LOS ANGELES (CNS) — Monitoring of potentially dangerous chemicals other than mercaptans from the gas leak in Porter Ranch shows levels consistent with unaffected areas, county health officials said.
Health problems related to the gas leak have prompted thousands of residents to leave their homes and officials to relocate students from two schools. Headaches, nausea, nosebleeds and other symptoms are attributed to mercaptans, additives used to help people detect the presence of normally odorless methane.
Mercaptans are not expected to produce long-term health effects, Environmental Health Director Anthony Bellomo told the county Board of Supervisors.
However, county health officials have stepped in to monitor the levels of other chemicals, including benzene, ethyl benzene, hydrogen sulfide and sulphur dioxide. Benzene, which is also found in motor vehicle exhaust, is a known carcinogen.
Those chemicals have been found in very small concentrations not significantly different than those typically found outside, according to Bellomo and county toxicologist Dr. Cyrus Rangan.
Bellomo said the county is doing its own monitoring because sampling at the site wasn’t adequate.
“As this exposure continues for months, levels could change,” Bellomo warned.
Supervisor Michael Antonovich was pessimistic about the timeline for repairing the leak at the Aliso Canyon natural gas storage facility.
“They’re talking about February, March, April, probably May,” Antonovich said of the Southern California Gas Co.’s estimate.
Prompted by Antonovich, the board voted to send a letter to Gov. Jerry Brown and the Legislature to investigate and reform regulatory processes governing natural gas and set up an independent panel of experts to oversee the inspection and repair of natural gas wells across the region.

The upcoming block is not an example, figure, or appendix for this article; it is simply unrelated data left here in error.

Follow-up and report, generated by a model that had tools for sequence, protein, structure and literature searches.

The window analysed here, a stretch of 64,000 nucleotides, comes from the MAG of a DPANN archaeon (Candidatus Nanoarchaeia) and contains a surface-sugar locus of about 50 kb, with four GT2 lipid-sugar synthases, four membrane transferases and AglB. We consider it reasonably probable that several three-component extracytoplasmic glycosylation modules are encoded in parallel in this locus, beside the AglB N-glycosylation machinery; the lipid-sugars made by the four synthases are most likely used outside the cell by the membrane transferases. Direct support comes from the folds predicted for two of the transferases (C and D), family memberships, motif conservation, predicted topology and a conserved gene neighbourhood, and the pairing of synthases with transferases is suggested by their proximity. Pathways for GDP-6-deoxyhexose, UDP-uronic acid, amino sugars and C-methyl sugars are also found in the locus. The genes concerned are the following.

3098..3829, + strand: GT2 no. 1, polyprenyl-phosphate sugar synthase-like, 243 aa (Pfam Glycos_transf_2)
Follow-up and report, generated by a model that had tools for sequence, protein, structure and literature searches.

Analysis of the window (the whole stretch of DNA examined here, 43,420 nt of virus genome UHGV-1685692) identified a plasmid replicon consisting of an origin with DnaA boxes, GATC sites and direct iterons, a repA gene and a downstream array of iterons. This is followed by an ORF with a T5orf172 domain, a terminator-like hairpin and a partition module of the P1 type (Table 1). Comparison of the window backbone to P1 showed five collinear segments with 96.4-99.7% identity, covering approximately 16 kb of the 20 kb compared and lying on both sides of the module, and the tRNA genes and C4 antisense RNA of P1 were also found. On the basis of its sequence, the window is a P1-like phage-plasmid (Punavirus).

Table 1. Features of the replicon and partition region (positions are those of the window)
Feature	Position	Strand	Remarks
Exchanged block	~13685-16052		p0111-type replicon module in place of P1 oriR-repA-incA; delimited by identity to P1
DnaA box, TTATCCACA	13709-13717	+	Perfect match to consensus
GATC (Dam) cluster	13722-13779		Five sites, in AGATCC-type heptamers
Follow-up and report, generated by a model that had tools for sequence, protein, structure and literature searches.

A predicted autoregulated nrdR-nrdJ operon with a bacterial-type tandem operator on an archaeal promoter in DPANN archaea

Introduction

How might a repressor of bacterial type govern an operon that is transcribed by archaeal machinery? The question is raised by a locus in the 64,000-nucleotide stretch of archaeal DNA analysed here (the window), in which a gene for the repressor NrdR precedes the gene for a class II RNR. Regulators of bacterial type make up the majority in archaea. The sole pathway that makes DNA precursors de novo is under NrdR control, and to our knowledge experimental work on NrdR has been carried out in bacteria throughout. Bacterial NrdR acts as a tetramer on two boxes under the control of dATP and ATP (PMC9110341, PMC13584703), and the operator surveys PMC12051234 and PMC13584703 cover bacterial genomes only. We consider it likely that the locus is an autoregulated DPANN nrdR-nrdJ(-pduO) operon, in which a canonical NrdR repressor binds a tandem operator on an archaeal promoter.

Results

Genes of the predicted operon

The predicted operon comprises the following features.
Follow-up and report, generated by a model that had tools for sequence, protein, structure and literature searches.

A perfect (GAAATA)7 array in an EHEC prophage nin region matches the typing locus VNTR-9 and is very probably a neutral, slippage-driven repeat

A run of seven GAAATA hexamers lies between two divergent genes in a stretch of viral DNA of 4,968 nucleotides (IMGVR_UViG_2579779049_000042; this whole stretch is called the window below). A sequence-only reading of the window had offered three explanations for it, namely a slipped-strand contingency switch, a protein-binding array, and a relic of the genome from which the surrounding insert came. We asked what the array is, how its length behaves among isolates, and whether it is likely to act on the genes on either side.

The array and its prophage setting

Similar natural gas facilities exist near Los Angeles International Airport, Santa Barbara and Valencia, according to Antonovich.
“They have fallen down on the job,” Antonovich said of regulators.
The utility asked for rate hikes to cover the costs of inspections and repairs, warning regulators of potential hazards, but the agencies failed to act, while the Gas Co. only reacted to problems as they arose, Antonovich said.
SoCalGas officials have said they are in compliance with relevant regulations.
Brown toured the storage facility and a relief well on Monday, Jan. 4, and was briefed onsite by a supervisor from the Division of Oil, Gas & GeoThermal Resources (DOGGR).
Brown also met with residents at a home in Porter Ranch.
“The focus was on hearing directly from residents in Porter Ranch and staff at Aliso Canyon,” Brown spokesman Evan Westrup said in an email to City News Service.
Westrup said top administration officials have been onsite daily for weeks and the Governor’s Office of Emergency Services has set up a command post there.
“Every resource and entity with regulatory and oversight authority in the administration has been mobilized,” Evan Westrup wrote.
Separate investigations have been opened by DOGGR, the California Public Utilities Commission and the California Air Resources board, and are being coordinated by the state attorney general’s office.
Rep. Brad Sherman, D-Sherman Oaks, announced he had sent a letter to six federal, state and local agencies, as well as SoCalGas, asking them to coordinate to find a solution to the Porter Ranch leak.
“I am asking that all parties put aside for the moment which agency has the appropriate jurisdiction here,” Sherman said. “This is not about blame or liability; this is about fixing the leak as quickly as possible.”
Sherman suggested that there may be a faster way to solve the problem than the relief well proposed by the utility.
The letter was sent to the U.S. Environmental Protection Agency, U.S. Department of Transportation, Federal Energy Regulatory Commission, California Department of Oil, Gas & Geothermal Resources, California Public Utilities Commission, South Coast Air Quality Management District and SoCalGas.
“All the parties … have specific expertise that can help determine additional solutions to stop this leak more quickly than the relief well strategy,” Sherman said.
Sherman suggested that the utility should pull as much gas out of the storage facility as possible, regardless of how much can be sold, to limit the scale of the leak.